Rhymes, Rants & Accolades from North Central BC

SAWMILL BUSH CAMP

[Circa 1979]  Sense and Nonsense

Last weekend we visited my daughter and her family who are spending the winter at a small sawmill camp. They are quite comfortable although they are living without electricity and other amenities of modern living.

The small sawmill and the surrounding camp brought back memories of the many such mini-villages which once dotted the bush country of Interior B.C. I spent the early years of my married life in some of these camps.

The first camp I ever lived in, I was employed as camp cook. The cookhouse had to be one of the more primitive of mans’ habitations. That winter was one of the coldest on record. One night despite repeated stoking of the airtight heater, the sack of potatoes which we had placed next to the stove, froze solid. All the canned goods froze as well. I had to decide which foods were safe to eat after thawing, and which foods to discard to the dump.

I have written some verses about that winter in camp back in the nineteen-fifties. I am sure there are many people with similar memories.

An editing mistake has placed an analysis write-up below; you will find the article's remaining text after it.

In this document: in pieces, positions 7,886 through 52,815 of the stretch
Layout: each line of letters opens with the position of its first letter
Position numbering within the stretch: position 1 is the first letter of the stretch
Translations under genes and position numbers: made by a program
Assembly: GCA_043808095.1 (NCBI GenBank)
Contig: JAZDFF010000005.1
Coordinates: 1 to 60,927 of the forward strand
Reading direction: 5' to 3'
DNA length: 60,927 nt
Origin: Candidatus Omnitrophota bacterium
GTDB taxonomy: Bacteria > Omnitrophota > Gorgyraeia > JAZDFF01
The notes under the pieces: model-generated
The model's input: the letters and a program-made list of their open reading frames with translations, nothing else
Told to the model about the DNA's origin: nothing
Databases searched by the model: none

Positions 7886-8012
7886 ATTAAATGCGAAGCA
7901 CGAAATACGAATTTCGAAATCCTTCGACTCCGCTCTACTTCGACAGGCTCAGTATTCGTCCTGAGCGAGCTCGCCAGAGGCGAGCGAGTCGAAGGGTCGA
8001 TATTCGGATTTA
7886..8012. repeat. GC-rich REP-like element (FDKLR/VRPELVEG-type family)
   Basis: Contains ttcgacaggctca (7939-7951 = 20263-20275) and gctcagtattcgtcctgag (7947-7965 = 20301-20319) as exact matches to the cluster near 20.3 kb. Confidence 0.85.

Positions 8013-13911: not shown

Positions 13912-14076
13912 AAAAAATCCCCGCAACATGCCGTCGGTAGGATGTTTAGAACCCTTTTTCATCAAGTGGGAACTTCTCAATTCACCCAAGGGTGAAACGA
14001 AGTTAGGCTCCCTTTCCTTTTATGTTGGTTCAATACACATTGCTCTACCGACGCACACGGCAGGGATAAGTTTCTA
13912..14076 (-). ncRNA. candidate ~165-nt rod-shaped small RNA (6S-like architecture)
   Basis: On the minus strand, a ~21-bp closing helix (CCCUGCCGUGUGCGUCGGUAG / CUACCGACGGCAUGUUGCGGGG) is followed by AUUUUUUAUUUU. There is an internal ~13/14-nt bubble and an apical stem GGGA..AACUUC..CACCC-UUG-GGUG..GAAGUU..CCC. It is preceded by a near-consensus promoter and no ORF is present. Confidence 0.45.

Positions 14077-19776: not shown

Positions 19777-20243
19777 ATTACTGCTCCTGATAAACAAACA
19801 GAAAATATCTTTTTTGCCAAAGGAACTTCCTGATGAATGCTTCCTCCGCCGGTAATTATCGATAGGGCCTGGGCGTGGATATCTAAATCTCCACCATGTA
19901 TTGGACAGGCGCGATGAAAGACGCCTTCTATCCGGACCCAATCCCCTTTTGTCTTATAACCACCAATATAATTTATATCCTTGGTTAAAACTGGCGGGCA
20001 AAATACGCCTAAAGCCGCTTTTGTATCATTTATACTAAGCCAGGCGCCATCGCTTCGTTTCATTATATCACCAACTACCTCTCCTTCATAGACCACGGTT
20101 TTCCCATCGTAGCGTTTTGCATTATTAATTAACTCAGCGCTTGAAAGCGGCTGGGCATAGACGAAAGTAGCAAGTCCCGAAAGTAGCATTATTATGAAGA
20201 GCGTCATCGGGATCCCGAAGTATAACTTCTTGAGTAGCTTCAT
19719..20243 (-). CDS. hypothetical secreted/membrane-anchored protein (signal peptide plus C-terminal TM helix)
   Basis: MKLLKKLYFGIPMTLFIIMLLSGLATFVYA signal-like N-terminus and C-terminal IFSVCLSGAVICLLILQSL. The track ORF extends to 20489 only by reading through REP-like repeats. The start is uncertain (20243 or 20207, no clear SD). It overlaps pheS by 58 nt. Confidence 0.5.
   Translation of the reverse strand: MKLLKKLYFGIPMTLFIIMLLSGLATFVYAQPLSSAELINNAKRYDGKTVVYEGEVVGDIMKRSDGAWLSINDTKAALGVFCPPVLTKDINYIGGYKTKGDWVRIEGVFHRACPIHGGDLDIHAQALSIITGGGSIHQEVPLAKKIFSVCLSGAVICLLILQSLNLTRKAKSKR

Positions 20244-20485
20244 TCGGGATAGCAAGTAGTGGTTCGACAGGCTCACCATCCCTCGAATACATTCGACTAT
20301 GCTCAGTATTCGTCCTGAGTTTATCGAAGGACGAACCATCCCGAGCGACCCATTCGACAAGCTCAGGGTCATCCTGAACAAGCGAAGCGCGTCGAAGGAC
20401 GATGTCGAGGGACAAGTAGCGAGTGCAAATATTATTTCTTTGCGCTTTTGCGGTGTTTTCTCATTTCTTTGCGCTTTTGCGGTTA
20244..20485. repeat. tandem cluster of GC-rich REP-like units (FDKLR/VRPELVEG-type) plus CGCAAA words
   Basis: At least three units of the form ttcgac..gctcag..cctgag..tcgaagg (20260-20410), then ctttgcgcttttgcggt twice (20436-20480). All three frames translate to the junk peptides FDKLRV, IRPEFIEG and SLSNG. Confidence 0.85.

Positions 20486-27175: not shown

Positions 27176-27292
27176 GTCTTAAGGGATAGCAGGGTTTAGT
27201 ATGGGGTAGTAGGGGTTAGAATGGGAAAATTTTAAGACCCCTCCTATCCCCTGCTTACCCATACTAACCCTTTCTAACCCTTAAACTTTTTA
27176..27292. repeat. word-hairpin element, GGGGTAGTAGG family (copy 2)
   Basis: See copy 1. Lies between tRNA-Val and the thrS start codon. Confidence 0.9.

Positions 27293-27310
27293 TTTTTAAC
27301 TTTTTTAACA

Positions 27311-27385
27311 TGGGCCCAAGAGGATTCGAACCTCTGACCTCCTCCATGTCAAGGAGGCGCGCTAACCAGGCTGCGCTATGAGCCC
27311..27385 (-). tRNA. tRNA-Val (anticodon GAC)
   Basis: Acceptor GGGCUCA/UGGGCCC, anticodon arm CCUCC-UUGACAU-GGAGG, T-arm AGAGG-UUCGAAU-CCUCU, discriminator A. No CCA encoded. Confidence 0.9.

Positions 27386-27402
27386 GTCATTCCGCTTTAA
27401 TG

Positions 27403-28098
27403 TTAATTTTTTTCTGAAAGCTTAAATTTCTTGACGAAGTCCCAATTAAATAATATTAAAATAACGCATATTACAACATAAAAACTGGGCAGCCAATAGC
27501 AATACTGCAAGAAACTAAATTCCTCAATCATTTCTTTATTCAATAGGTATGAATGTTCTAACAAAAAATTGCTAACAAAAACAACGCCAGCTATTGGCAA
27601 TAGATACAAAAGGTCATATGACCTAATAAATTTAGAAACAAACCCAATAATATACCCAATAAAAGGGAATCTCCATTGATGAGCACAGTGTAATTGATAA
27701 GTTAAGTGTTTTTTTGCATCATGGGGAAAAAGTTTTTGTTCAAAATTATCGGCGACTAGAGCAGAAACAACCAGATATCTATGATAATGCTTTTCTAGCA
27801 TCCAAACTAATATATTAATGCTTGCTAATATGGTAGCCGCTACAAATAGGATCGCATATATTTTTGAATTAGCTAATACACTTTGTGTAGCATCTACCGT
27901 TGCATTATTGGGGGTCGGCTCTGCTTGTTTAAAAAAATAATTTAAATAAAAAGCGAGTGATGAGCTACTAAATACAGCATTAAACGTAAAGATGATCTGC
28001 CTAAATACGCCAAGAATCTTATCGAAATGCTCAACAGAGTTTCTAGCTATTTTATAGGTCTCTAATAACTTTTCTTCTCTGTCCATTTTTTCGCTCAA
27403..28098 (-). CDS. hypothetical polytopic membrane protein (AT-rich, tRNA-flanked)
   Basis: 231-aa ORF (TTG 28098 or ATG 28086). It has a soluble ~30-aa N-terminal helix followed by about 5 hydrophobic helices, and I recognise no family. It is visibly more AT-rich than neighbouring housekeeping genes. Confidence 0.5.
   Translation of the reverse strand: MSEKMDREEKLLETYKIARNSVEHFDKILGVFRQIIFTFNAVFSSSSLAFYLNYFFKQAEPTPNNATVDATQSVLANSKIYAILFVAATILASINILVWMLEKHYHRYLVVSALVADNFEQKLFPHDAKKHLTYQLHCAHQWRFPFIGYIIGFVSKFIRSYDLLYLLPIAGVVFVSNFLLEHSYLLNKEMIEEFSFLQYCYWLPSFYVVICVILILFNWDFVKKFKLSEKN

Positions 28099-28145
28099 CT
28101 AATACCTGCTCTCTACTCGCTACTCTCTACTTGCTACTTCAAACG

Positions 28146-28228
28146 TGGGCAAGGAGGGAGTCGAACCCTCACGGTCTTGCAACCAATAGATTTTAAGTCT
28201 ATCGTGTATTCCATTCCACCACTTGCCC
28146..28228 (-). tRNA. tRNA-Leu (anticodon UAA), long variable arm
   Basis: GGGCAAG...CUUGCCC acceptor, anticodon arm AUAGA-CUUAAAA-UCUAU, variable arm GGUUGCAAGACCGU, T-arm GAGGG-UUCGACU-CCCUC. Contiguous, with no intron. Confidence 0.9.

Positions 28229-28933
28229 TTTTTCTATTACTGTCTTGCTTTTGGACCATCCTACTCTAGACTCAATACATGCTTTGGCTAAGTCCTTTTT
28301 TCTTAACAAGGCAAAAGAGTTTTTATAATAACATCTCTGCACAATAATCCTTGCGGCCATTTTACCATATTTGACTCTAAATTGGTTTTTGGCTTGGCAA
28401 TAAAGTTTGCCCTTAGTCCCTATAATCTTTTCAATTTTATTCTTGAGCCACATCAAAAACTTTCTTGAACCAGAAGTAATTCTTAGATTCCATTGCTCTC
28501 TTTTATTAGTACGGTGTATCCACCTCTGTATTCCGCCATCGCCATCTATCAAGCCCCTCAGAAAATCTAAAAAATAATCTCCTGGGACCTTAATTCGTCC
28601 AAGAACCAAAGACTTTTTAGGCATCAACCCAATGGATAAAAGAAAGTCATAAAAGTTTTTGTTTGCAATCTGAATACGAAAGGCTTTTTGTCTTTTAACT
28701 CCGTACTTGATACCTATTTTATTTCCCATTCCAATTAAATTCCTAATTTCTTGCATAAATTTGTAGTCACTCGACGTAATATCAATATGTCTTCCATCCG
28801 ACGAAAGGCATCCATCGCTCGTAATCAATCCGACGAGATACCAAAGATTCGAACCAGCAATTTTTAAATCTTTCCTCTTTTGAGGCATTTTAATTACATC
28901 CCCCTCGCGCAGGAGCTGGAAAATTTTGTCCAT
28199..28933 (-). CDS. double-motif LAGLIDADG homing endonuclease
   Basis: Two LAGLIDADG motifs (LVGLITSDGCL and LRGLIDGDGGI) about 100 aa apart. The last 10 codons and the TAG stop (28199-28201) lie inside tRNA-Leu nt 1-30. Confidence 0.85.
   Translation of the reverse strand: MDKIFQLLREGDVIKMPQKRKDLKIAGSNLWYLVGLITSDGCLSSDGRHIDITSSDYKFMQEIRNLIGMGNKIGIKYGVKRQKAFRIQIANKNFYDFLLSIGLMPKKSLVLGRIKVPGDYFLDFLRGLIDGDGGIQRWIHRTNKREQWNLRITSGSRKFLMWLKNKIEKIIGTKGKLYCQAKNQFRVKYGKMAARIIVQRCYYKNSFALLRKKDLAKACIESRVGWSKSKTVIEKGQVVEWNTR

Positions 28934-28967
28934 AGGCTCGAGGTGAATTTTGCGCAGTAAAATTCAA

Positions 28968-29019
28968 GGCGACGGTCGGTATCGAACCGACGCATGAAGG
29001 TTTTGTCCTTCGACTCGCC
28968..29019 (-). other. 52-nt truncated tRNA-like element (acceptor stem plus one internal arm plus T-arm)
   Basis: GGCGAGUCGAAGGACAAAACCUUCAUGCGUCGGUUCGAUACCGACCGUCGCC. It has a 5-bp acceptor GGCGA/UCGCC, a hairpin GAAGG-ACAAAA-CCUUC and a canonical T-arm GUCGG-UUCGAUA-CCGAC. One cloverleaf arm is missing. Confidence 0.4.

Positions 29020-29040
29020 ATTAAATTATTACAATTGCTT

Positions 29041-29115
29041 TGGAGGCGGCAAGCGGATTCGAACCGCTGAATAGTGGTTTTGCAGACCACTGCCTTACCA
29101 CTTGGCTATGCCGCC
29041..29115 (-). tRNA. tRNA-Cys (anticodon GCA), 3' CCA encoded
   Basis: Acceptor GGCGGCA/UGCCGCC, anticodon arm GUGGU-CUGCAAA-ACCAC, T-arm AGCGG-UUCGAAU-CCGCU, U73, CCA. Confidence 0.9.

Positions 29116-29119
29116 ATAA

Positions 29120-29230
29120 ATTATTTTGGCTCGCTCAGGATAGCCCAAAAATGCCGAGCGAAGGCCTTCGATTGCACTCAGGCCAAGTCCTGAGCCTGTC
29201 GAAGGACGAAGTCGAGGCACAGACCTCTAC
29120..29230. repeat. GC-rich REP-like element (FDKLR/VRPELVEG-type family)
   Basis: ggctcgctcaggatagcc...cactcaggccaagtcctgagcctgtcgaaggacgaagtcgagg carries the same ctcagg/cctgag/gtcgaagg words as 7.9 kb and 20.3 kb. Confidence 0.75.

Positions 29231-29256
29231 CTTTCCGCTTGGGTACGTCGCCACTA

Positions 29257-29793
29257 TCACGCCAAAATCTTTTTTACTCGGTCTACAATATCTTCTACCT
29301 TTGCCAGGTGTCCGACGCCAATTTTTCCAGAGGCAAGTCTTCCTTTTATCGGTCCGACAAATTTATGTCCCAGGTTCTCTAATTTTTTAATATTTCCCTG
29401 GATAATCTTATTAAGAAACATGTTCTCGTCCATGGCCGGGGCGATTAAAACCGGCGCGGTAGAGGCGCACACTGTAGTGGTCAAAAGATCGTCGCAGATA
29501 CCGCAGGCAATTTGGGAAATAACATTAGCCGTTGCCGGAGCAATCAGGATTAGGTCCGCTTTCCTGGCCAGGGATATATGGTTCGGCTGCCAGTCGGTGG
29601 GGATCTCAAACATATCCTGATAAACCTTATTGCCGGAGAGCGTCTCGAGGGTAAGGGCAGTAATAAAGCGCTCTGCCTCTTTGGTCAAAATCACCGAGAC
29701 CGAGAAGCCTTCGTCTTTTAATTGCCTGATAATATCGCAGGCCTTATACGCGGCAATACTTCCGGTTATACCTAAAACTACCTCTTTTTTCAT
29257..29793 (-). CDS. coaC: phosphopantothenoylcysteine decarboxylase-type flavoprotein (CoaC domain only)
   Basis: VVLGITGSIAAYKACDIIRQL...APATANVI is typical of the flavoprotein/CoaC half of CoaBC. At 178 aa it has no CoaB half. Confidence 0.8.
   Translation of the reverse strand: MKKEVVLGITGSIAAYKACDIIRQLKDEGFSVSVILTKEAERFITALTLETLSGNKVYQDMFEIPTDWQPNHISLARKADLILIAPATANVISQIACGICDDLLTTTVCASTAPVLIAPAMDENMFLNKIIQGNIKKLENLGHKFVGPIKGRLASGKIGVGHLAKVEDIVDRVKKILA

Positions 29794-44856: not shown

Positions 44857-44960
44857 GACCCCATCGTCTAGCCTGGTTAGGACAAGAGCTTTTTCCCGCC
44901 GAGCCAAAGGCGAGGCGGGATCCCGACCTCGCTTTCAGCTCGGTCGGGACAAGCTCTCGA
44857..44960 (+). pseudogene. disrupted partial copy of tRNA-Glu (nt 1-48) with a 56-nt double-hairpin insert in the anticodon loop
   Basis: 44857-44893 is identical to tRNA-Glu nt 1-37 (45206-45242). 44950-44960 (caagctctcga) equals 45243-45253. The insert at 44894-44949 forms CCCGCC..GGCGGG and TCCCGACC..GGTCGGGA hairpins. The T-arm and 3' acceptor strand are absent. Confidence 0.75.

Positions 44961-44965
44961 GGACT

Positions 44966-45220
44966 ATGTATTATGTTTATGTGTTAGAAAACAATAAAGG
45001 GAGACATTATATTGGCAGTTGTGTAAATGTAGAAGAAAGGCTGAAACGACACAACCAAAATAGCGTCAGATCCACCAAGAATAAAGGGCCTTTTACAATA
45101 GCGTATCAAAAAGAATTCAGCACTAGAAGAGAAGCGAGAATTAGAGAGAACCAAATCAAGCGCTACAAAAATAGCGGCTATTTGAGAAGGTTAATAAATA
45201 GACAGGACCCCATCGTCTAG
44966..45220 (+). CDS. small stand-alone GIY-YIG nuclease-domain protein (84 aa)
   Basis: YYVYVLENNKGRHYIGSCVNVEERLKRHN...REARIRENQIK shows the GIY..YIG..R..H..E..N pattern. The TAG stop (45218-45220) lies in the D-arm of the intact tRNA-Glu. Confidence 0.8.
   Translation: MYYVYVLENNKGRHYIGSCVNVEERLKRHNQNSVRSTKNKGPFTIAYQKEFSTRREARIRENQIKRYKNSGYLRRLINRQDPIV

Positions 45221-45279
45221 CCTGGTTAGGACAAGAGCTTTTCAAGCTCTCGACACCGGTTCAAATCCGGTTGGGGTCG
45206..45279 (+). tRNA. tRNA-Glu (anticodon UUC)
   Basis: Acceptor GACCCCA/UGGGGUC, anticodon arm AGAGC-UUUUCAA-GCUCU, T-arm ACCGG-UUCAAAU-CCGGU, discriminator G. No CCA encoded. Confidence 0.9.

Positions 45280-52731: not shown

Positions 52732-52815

Do you remember the sawmill shacks,
With the smoke stains on the walls,
The cookhouse and the bunks in back,
Out where the sawdust falls
Rough lumber boxes built up on skids,
With tiny windows and tarpaper lids,
No fit home for gentlemen, women or kids.
Nobody knew the summer before,
When it’s forty below in a sawmill shack,
The spuds freeze on the floor!

The cook pounds on a cut-off saw,
It’s time for the men to roll,
To eat some grub with time to jaw,
‘Cause it’s thirty-nine below,
“This two-bit outfit is falling apart!”
“The boss is a man without any heart!”
“I can hardly wait ’til I can depart!”
Nobody knew the summer before,
When it’s forty below in a sawmill shack,
The spuds freeze on the floor!

The water cans were solid with ice,
And the coffee would not boil,
The cook said a word that wasn’t nice,
And found some diesel oil,
“We’ll fix that stove that will not go!
And make the wood in the airtight glow!
When the stovepipe’s red, we’ll add some snow!”
Nobody knew the summer before,
When it’s forty below in a sawmill shack,
The spuds freeze on the floor!

Payday today, but it’s been too cold,
Weeks since the sawmill ran,
Most of the men are in the hole,
They wish that they’d been canned.
Some fling their knives at the cookhouse wall,
And in the corner, the playing cards fall,
The cook brings coffee for them all.
Nobody knew the summer before,
When it’s forty below in a sawmill shack,
The spuds freeze on the floor!

 

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